In December 2018, I was enjoying the busiest time of my woodworking career. Thanks in large part to a place called Shop Made in DC, I was selling tons of small items. The visibility of my work in that store led to other cool things: my city councilman bought gifts for city council members from me after seeing my work there, I got some cool commissions, and a guy named Shawn Bruce decided he wanted to make a film and feature me.
If the music in your brain just stopped and you heard the sound of the needle going off the record, you just had the same experience I did the day I opened the first email from Shawn. I had never met the guy before, nor did I feel credible enough to be in a film about woodworking. But in his note, he said that his grandfather had been a hobbyist woodworker who spent his days working a government job and longed to make a living from his shop. That got my attention. Shawn, who enjoys a wonderful relationship with grandmother (his grandfather has since passed) was drawn to the craft as a child— maybe more so as an adult— and he wanted to use his camera to explore it with me.
Anyone who knows me well, knows that I HATE being the center of attention. I love talking with one or two people about interesting things; I don’t like talking about myself. Being in front of a group or a camera is more terrifying than using a table saw without a fence (I would suppose, I’ve never done that, especially if anyone from OSHA is reading)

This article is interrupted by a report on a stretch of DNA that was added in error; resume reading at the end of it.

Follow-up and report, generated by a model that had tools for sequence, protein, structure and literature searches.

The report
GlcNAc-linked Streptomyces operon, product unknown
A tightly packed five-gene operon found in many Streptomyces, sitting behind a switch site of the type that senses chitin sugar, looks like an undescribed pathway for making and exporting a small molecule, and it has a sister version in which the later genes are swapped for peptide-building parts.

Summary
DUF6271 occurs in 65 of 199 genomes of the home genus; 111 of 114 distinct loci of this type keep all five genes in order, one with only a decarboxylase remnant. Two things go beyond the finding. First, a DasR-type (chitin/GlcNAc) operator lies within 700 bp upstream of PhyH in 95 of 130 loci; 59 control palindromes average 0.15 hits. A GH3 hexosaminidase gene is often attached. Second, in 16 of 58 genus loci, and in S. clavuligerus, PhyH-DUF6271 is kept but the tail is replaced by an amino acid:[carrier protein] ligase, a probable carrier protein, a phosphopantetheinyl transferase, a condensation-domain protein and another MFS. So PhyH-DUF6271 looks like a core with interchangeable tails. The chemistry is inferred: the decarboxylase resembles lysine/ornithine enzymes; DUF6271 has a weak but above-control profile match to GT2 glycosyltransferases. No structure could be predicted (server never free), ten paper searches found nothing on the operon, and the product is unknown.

I would normally be hesitant for other reasons. In the woodworking community, we have some actual masters, legends...people who have forgotten more about wood movement than I’ll ever know. Those are the people about whom films could be made.
But oddly, something about Shawn’s note--its sincerity, its authenticity, its ties to his grandparents, and the fact that it was nicely written--convinced me to say yes without much thought. As I hope you’ll see, this film isn’t really so much about me or my work; it’s about how I think about the craft and why I enjoy it.
Shawn did this as a personal project and he had total creative control, though he was very accommodating to my neuroses about being on film! So all credit on the quality of this piece goes to him. Thanks also are due to Shop Made in DC and the staff who let us film there during regular business hours. Thanks also to one of my favorite customers, Dan, who let us interrupt his Sunday to film some finished pieces (he also fed us!).
I’m really grateful for the opportunity this project gave me to solidify and share some of the thoughts that have lived unexamined in my head for years. I’m proud to be a part of the piece and happy to have met Shawn.
Check out the film here.
If you’re looking for a videographer/photographer, I can’t recommend Shawn highly enough. You can see the quality of the work yourself...he approaches it like a craftsperson and his love for it is evident in every step. If you’re not a natural on camera, he will put you at ease and I think you’ll enjoy the process. See more of his work and get in touch with him here: